It's Monday morning, which once again, sadly means a return back to work. Spring football is shaping up nicely, with a different attitude and tempo at Spaulding than we've become accustomed to in the last decade of mediocrity. Whether that translates into more wins remains to be seen, but with the storms gone and the sun back, things certainly feel like they might be turning around. We've got a lot to cover in this Monday morning edition of Bruin Bites, so let's get right to it and take a look at the various bits and pieces of news from around the UCLA-iverse:
- Yesterday marked the sixty-fifth anniversary of the date Jackie Robinson bravely smashed baseball's color barrier. With it came a lot of various pieces of how great Jackie was. You'll get no argument from us here at BN. In that vein, Sports Illustrated had an interesting take, summarizing the life and accomplishments of one of our greatest Bruins. But they did something more; while praising Jackie for what he did, Sports Illustrated reminds us that someone else came before Jackie: his Bruin teammates Kenny Washington and Woody Strode re-integrated the NFL in 1946 with the Los Angeles Rams. Interesting take that takes a brief look at why Jackie's fellow great Bruins are often overlooked.
- Speaking of football, former UCLA linebacker Reggie Carter is taking up a new job as an assistant coach at Campbell Hall in North Hollywood. The hard-hitting former heart-and-soul of the last UCLA defense to stop U$C will spend the next season coaching the JV team at Campbell Hall while the school rebuilds the program with a one-year hiatus from varsity competition.
- On the same subject, former UCLA defensive end Dave Ball re-signed with the Tennessee Titans on Friday. The former stand-out Bruin defensive end will continue to line-up with fellow former Bruin stand-out Alterraun Verner in Nashville, which will make it hard not to want to root for the Team-Formerly-Known-As-The-Oilers.
- While we're talking about new jobs, former UCLA head coach Larry Brown is in the market for work, and according to ESPN and Sporting News, will have met with SMU yesterday to discuss the head coaching position in Dallas. The job, ironically, was made vacant when SMU gave former UNC head coach Matt Doherty the axe after six years (gee, what a novel concept, firing a head coach who doesn't get it done). Other candidates that SMU are looking at includes former Utah and current St. Louis head coach Rick Majerus (who makes Ben Howland look like the friendliest man in the world).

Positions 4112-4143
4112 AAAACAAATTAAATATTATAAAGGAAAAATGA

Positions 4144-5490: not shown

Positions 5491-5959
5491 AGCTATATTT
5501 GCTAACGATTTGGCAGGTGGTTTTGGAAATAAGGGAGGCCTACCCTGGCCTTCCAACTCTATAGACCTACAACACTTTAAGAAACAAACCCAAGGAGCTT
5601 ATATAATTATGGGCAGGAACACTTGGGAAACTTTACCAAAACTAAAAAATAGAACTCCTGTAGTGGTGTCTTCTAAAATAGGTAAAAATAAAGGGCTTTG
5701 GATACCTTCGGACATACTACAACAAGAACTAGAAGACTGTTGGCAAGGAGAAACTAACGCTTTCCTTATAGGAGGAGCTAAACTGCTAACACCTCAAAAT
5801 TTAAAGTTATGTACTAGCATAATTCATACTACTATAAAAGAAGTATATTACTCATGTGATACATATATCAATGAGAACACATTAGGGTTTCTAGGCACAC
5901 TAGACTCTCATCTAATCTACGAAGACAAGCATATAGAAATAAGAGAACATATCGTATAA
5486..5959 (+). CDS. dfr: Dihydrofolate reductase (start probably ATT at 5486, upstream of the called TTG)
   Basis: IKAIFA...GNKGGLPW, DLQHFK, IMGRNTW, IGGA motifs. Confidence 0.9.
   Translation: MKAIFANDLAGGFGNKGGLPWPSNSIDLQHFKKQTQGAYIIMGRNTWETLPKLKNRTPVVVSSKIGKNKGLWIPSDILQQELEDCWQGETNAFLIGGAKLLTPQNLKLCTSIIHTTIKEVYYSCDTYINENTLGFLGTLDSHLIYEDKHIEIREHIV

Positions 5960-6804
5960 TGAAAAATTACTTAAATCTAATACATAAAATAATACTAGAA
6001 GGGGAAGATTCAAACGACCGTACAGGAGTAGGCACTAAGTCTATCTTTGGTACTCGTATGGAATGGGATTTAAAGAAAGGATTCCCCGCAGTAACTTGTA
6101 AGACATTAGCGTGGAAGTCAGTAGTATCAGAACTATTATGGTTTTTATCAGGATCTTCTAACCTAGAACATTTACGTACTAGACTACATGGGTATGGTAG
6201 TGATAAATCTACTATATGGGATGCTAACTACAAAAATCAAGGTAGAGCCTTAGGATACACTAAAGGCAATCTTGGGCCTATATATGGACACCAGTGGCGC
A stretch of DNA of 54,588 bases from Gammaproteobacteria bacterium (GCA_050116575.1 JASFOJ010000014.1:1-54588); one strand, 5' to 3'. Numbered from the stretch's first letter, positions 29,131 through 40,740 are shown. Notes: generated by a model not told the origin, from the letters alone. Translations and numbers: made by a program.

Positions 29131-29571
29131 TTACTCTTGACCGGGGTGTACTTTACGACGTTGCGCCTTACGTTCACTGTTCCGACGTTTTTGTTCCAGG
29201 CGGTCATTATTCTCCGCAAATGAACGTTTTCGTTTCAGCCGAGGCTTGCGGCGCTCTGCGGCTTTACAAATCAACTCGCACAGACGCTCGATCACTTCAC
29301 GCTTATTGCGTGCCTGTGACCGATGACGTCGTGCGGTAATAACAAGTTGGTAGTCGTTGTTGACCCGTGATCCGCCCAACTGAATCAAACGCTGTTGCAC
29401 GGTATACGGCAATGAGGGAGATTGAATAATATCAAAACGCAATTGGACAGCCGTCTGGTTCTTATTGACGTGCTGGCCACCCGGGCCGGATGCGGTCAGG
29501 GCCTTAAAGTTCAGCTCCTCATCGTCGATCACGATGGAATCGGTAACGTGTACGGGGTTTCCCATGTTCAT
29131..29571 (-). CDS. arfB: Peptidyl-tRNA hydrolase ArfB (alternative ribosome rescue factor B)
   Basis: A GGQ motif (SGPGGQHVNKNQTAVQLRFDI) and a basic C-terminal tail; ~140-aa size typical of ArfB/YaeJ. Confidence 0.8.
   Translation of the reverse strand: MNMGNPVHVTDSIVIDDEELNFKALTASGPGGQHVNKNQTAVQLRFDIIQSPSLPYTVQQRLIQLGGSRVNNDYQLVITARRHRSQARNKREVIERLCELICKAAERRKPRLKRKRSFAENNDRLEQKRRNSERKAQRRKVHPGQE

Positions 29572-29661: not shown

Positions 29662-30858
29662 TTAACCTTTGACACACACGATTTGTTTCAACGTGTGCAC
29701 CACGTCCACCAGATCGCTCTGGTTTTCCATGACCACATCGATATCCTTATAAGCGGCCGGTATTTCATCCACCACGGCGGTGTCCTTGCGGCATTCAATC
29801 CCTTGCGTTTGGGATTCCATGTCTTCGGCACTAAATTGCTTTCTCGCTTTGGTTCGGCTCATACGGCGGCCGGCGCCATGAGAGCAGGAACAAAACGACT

- In more happy news, UCLA outfielder Brenton Allen was featured in the Daily Bruin for his role in starting up the UCLA chapter of the non-profit Soles4Souls. The goal is to collect old or seldom-worn shoes (and when you think about the shoes in your closet, it's safe to say most of us have a few we could give away and not miss) and pass them along to children throughout the world who don't have shoes. This is really great stuff and just highlights the kind of great kids that go to UCLA.
- Speaking of great UCLA current students, current student and stand-out golfer Patrick Cantlay, fresh off his win as the Low Amateur at the Masters (yes, that Masters), sat down with the Orange County Register and discussed a variety of topics, including whether or not he has decided to stick it out for all four years at UCLA or turn pro. Let's hope Cantlay sticks around for a few more years, although no one will begrudge the young man for jumping at the chance to collect a paycheck, especially given how well he's been playing against current pros.
- Turning to the academic side of the university, UCLA scientists developed a line of stem cells that are designed to seek out and destroy HIV. In a big step forward, UCLA researchers were able to place the engineered stem cells into lab mice and watched the specially designed HIV-killer cells develop in a living organism. With this development, researchers are optimistic that this could lead to the development of a more aggressive, more effective way of combating the deadly disease. Pretty cool when you think about it: at UCLA, we're making the equivalent of laser-guided HIV-killing homing missiles; all out of human cells.
- Not to be outdone by their counterparts at the School of Medicine and the AIDS Institute, UCLA astronomers, in collaboration with scientists at Cal Tech and UC Santa Cruz developed a sort of "time-machine" that lets astronomers see faint galaxies that were otherwise not visible; galaxies so far off, that the observations (given the amount of time it takes light to travel that distance to Earth), give researchers a rare opportunity to view galaxies as they appeared in an era of time much closer to the formation of galaxies in the universe. Dense stuff (which I'll leave to those South Campus eggheads).
Alright folks, those are your Bruin Bites to get the week started. Fire away with your thoughts, opinions, and takes in the comment threads.